Another unconventional trick some cooks like to use is adding laundry detergent to help clean enamel cookware. In order to do this, first gently scrape off any food residue that you can from the pot or pan. Fill the pot or pan with water, wait until it boils, and then add a tablespoon of liquid laundry detergent.
Let the mixture boil in the pot or pan for a couple of minutes, and allow it to slowly cool down afterward. Once you are done, wash your cookware the way you do every day, and hopefully, the stains should come off more easily.
Lemon Juice and Salt
Another method for cleaning enamel cookware that uses common household ingredients is the lemon juice and salt trick. First of all, boiling some water with vinegar or lemon juice in your enamel pot might help loosen up the stains and residue. However, for tough stains, there is another thing you can try.
Cover the problem area with coarse salt. Then, just cut a lemon in half and squeeze the juice directly onto the salt. The result should be a thick paste. Use a cloth to scrub the stained area. If this does not do the trick, just like with all other methods, you can try letting the mixture sit on the stain for an hour or two.
Then, add some more lemon juice and scrub away! It’s best to use gloves, though, especially if you have any scratches or damaged skin on your hands, as getting lemon and salt in there will sting a bit!
How To Prevent Stains And Discoloration On Enamel?
Keep Your Enamel Cookware Clean
Even with the best enamel pots and pans (or Dutch ovens, for that matter), some stains and discoloration may appear over the years. However, there are some practices that can prevent this from happening sooner than it needs to. To keep your cookware in the best condition, it is important to wash it immediately after every use with mild dish soap and warm water.
This will prevent stains and residue from sticking in most cases, so you won’t need to scrub and scrape too much, thus keeping the surface smooth. Coating the cooking surface with a small amount of oil, cooking spray, or butter before cooking also helps prevent the food from sticking.
Avoid Extreme Temperature Changes
The base of enamel cookware can be made of various metals, including cast iron, stainless steel, and aluminum, so the way they heat up will highly depend on the material the pot or pan is constructed of.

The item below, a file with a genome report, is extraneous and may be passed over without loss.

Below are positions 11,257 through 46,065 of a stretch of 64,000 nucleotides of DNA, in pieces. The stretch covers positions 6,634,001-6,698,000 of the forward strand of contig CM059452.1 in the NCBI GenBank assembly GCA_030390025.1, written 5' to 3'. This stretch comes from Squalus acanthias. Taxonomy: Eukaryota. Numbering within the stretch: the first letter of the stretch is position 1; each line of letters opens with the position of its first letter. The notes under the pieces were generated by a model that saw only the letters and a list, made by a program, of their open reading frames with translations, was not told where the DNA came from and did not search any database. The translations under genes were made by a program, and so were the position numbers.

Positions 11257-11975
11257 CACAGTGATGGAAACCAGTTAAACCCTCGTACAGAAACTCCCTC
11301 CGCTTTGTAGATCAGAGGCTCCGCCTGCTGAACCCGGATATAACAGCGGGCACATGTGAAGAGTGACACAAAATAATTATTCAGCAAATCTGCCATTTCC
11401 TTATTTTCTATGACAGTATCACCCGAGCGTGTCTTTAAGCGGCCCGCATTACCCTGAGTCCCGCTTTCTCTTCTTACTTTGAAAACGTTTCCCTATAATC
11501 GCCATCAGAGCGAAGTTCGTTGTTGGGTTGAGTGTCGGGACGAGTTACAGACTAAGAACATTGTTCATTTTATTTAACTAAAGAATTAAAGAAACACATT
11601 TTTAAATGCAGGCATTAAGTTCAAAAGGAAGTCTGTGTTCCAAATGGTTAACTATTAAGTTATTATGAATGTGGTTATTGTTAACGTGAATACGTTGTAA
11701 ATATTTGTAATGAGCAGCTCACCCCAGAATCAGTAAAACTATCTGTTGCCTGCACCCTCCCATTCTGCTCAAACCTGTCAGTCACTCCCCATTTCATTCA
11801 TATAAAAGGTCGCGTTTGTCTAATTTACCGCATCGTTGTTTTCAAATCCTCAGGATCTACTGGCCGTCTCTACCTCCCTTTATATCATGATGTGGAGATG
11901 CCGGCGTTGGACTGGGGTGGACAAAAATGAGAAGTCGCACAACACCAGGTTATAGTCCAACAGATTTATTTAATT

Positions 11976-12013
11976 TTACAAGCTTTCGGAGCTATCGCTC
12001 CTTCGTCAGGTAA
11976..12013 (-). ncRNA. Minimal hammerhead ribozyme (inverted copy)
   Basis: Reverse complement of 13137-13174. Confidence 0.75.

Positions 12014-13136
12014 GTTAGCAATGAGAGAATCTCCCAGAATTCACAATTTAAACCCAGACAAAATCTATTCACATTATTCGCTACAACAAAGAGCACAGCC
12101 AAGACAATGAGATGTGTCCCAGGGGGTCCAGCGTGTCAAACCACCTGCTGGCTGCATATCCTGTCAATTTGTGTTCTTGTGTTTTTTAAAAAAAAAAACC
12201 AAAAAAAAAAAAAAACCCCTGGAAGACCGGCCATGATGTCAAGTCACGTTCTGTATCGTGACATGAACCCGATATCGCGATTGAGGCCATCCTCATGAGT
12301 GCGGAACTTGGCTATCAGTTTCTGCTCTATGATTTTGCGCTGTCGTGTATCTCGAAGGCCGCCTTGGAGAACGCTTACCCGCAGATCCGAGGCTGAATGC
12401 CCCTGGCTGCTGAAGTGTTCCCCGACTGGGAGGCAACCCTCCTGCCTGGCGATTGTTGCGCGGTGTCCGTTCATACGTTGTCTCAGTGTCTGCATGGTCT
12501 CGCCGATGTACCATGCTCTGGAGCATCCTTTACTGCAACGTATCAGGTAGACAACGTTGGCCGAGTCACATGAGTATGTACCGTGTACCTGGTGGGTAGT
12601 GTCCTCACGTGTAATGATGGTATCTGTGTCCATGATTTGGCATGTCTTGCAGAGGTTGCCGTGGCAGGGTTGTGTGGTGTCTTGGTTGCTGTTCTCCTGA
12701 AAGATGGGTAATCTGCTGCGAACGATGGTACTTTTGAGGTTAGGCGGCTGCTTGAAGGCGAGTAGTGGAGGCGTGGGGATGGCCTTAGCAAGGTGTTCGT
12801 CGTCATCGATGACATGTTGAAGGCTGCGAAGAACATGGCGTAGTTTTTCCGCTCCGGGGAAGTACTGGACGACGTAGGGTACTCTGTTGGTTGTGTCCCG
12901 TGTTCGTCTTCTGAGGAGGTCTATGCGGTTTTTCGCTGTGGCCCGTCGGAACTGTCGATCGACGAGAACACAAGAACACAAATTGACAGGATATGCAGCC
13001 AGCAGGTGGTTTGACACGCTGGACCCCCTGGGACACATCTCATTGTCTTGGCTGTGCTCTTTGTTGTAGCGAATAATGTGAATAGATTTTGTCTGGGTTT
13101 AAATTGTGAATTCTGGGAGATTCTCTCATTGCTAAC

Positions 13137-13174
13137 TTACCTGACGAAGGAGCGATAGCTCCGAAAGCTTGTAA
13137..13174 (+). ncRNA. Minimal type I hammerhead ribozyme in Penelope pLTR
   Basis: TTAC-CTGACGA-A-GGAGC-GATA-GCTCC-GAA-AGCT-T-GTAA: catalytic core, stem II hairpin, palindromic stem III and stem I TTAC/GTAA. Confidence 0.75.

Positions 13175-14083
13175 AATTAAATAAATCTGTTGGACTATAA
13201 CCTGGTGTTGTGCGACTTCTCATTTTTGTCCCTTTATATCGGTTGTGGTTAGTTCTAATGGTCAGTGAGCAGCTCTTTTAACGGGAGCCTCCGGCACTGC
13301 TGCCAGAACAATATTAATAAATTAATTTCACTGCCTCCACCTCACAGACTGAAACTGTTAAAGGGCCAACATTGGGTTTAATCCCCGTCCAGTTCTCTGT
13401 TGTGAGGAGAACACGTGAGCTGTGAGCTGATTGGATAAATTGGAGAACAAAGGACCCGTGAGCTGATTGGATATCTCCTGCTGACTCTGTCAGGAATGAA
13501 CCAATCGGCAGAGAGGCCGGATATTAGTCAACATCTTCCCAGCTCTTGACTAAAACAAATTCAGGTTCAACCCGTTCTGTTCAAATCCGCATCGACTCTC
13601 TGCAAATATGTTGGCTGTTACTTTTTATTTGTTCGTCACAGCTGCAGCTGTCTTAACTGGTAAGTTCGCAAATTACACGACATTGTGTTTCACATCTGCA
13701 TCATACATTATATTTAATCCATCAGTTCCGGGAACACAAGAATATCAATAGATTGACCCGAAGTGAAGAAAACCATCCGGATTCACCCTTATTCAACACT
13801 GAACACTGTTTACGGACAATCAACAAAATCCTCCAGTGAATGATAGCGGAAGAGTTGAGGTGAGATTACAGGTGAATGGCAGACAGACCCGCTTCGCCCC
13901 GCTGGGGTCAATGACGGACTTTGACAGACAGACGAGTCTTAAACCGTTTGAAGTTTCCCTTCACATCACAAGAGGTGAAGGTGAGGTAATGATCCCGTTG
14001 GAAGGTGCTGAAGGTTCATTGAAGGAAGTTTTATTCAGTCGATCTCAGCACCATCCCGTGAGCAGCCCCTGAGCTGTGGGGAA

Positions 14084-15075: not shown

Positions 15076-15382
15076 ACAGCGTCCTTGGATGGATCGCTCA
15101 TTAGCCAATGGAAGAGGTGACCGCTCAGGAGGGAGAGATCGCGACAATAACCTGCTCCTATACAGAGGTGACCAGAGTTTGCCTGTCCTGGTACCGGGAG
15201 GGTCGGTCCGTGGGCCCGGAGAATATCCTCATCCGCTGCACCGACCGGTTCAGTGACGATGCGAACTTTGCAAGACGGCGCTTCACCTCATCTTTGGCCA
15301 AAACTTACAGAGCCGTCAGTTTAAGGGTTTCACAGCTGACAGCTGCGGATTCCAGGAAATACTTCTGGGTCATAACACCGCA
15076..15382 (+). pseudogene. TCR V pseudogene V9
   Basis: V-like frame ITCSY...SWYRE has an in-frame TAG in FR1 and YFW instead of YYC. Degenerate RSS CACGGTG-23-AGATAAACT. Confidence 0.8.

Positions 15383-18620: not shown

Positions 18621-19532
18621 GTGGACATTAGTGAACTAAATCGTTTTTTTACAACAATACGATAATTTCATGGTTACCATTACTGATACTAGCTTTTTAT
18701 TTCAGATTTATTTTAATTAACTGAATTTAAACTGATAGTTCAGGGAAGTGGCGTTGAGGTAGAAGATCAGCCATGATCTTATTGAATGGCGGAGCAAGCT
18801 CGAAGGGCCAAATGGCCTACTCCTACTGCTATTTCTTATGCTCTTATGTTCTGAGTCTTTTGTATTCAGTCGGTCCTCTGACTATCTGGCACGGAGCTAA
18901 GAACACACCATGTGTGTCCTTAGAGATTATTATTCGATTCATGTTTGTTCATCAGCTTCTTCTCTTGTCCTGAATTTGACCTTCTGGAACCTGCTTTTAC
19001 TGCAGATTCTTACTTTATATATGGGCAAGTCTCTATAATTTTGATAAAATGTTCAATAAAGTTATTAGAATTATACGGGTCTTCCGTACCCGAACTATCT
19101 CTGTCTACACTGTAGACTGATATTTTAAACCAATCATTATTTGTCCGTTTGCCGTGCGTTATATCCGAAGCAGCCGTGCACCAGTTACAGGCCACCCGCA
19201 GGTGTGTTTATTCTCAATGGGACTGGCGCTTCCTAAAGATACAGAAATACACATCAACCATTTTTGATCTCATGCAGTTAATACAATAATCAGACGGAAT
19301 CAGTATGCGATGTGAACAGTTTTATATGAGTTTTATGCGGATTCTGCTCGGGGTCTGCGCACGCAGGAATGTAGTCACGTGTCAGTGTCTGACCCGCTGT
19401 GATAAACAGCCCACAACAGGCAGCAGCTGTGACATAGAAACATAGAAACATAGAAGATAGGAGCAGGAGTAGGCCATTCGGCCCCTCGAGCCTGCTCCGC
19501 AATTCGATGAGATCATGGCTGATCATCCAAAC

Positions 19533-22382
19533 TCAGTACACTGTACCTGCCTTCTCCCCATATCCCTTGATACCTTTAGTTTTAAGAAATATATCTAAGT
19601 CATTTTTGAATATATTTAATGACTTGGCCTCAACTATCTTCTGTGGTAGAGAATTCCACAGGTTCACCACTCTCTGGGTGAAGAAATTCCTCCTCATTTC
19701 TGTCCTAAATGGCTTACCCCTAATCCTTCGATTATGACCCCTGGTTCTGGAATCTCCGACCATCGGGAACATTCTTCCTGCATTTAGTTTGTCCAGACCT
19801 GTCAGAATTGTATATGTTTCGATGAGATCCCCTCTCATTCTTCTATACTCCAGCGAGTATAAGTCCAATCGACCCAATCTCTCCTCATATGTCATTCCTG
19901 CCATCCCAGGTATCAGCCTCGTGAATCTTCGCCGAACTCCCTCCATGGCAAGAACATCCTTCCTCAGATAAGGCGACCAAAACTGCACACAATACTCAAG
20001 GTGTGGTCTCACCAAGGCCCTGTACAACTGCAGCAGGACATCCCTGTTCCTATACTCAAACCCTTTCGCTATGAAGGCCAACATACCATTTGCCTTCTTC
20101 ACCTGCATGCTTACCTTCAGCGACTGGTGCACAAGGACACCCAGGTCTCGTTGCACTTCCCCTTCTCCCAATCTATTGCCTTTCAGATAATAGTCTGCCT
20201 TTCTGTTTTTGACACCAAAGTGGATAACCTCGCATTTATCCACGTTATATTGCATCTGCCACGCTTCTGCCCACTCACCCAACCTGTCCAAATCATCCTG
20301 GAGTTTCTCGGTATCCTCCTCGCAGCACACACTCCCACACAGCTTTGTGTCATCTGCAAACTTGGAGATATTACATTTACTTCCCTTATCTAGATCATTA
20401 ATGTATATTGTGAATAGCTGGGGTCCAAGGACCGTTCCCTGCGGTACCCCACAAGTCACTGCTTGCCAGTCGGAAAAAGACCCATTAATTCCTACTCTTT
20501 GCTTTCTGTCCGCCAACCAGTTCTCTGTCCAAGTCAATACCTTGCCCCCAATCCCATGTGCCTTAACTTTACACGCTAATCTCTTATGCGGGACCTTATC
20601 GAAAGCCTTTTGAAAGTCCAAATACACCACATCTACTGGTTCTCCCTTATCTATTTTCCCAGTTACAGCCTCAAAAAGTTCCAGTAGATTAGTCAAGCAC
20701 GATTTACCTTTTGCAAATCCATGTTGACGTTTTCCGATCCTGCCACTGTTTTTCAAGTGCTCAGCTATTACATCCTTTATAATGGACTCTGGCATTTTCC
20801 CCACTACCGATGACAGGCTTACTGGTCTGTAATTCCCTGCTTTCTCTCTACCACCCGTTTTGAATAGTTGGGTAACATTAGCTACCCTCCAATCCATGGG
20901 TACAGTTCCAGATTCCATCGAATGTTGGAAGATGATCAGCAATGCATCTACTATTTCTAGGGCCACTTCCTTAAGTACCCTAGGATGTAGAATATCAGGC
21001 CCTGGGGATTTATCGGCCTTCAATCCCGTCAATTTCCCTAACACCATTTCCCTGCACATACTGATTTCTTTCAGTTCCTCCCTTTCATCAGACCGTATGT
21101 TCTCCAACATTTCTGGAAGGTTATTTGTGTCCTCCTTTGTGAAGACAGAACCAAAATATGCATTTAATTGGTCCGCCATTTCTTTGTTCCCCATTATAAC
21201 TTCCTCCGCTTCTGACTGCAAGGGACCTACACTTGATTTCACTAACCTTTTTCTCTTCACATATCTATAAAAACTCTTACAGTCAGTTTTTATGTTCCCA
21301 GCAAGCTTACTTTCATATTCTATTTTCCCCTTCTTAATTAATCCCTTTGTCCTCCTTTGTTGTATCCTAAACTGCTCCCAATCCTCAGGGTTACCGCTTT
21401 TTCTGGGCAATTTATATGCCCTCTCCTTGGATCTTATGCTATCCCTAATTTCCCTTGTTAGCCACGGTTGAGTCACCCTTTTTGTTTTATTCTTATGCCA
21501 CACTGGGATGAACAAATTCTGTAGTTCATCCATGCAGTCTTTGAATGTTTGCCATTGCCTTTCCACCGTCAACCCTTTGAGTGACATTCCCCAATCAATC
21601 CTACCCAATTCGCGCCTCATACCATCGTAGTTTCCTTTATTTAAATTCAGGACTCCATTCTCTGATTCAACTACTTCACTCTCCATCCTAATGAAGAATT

However, in any case, it is highly recommendable to avoid extreme temperature changes. This means you should always heat your enamel cookware gradually. In most cases, low to medium heat will be enough, but if you need to use high heat let the pot or pan heat up slowly.
Using high heat to preheat enamel cookware and then lowering the temperature for cooking is also not a good idea as it can cause cracks in the enamel. Finally, always let the pot or pan cool down for a couple of minutes before washing it. Don’t fill a hot pan with cold water or the other way around to avoid damage.
Protect The Enamel From Scratching
Once the enamel starts chipping off, your enamel pot or pan is basically doomed. However, it’s easy to avoid this, especially with high-quality enamel pots and pans. Just follow the advice we mentioned above, and also avoid physically damaging the enamel in any way.
It’s best not to use any kind of cleaning products made of metal, like steel wool. The same goes for cooking utensils – going with wood or silicone instead of metal will prevent you from accidentally scratching the surface.
Arguably, one of the best things about enamel cookware is the way it looks. Coming in virtually any color, it’s quite easy to fall in love with these beautiful pots and pans. This is all the more reason why we all want to avoid getting discoloration and stains on our enamel cookware.
The trick to having great-looking cookware is always to treat it with care, clean it regularly, and use appropriate methods. With enamel cookware, stains and discoloration are sometimes unavoidable, no matter what you do. There is no need to panic though, because when you know how cleaning enamel is easy.
Just follow our tips and success is guaranteed!